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Household Food Insecurity Access Scale (HFIAS) for Measurement of Food Access


This document is a guide for implementing one such option, the Household Food Insecurity Access Scale (HFIAS), which is an adaptation of the approach used to estimate the prevalence of food insecurity in the United States (U.S.) annually. The method is based on the idea that the experience of food insecurity (access) causes predictable reactions and responses that can becaptured and quantified through a survey and summarized in a scale. Qualitative research with low-income households in the U.S. provided insight into the following ways that households experience food insecurity (access) (Radimer et al., 1990, Radimer et al., 1992, Wehler et al.,1992, Hamilton, 1997):-Feelings of uncertainty or anxiety over food (situation, resources, or supply);-Perceptions that food is of insufficient quantity (for adults and children);-Perceptions that food is of insufficient quality (includes aspects of dietary diversity, nutritional adequacy, preference);-Reported reductions of food intake (for adults and children);-Reported consequences of reduced food intake (for adults and children); and-Feelings of shame for resorting to socially unacceptable means to obtain food resources.iiThe eighteen-question U.S. Household Food Security Survey Module (US HFSSM) asks respondents to describe behaviors and attitudes that relate to these various aspects, also called ‘domains’, of the food insecurity experience (Hamilton et al., 1997). For example, a question relating to perceptions of insufficient quantity asks whether any adults had to eat less than theythought they should. The uncertainty-related questions include one about whether the respondent worried that the household’s food would run out. Responses to the US HFSSM are summarized in a scale to provide a continuous indicator of the degree of a household’s food insecurity. Cutoff points on the scale enable categorical classification of whether households are food secure or not. These data are used to monitor food assistance programs and to report on national prevalence of household food insecurity.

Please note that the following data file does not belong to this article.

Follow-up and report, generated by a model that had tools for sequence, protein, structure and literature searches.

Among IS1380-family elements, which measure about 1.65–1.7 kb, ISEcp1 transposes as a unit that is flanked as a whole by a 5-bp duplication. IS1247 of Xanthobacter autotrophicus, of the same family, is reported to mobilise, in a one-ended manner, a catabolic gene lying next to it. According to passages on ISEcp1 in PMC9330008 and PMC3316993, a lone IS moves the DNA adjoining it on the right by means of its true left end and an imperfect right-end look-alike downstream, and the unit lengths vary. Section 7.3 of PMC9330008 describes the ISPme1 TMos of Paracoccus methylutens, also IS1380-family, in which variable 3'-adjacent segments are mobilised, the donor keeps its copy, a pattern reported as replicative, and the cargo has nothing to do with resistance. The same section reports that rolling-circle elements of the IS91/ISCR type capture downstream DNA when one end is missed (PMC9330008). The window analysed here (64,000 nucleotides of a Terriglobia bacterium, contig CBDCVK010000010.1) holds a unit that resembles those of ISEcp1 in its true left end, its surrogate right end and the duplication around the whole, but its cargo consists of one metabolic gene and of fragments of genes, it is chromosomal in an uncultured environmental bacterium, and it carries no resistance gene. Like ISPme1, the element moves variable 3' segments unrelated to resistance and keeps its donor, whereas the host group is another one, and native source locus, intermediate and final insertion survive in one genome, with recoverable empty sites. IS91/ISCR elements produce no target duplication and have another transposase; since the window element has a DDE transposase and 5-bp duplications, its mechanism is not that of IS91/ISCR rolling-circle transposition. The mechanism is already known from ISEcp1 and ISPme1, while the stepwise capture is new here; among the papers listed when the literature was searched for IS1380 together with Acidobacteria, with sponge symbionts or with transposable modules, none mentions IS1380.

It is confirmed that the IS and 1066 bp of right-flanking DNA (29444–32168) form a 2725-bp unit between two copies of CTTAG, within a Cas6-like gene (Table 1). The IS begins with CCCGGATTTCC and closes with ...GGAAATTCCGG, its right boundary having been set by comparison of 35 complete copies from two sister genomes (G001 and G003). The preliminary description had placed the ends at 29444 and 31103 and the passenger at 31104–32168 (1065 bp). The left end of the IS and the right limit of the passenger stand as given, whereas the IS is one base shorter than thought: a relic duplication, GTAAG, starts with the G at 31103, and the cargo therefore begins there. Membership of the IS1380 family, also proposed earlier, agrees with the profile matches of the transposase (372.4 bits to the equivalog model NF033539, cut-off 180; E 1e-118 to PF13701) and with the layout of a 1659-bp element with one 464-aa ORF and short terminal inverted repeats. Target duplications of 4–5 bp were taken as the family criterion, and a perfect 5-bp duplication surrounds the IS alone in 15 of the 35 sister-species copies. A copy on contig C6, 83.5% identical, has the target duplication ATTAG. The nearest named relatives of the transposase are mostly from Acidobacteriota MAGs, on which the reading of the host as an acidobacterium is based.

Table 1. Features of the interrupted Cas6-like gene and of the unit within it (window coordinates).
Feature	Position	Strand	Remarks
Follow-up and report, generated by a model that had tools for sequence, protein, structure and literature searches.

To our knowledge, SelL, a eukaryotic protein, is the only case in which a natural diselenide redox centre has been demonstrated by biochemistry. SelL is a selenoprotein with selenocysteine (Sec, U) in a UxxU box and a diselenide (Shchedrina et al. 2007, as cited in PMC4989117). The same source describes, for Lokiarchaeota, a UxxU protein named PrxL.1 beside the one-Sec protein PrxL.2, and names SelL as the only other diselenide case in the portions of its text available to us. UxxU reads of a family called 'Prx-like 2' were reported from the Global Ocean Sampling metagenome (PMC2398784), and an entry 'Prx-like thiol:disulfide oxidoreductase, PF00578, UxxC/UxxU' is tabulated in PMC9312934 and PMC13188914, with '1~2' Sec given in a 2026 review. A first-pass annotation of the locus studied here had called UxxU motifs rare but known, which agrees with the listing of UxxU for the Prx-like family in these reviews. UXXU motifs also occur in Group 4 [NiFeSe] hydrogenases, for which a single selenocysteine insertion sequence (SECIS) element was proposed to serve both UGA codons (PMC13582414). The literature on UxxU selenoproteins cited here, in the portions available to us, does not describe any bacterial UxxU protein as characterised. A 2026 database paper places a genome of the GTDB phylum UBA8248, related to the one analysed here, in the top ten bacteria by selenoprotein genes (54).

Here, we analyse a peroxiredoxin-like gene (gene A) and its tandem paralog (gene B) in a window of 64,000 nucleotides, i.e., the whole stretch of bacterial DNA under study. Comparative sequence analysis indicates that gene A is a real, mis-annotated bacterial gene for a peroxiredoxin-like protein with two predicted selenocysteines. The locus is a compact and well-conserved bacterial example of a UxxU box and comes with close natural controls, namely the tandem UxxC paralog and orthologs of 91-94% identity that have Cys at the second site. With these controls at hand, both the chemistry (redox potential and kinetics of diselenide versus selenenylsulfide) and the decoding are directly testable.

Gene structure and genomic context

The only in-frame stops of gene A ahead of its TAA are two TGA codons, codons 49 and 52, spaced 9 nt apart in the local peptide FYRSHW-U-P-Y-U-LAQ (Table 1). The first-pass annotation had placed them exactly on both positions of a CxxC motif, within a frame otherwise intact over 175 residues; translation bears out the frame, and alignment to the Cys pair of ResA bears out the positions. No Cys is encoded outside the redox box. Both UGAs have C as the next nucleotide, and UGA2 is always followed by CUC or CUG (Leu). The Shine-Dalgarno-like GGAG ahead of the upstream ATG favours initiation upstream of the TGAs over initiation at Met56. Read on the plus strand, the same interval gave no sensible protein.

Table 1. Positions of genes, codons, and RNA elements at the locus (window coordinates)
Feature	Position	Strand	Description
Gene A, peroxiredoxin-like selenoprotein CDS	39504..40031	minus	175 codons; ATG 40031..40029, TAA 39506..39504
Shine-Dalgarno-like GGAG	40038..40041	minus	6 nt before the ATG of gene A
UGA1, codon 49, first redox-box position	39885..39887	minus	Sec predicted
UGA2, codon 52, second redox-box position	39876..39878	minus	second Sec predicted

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FANTA Project

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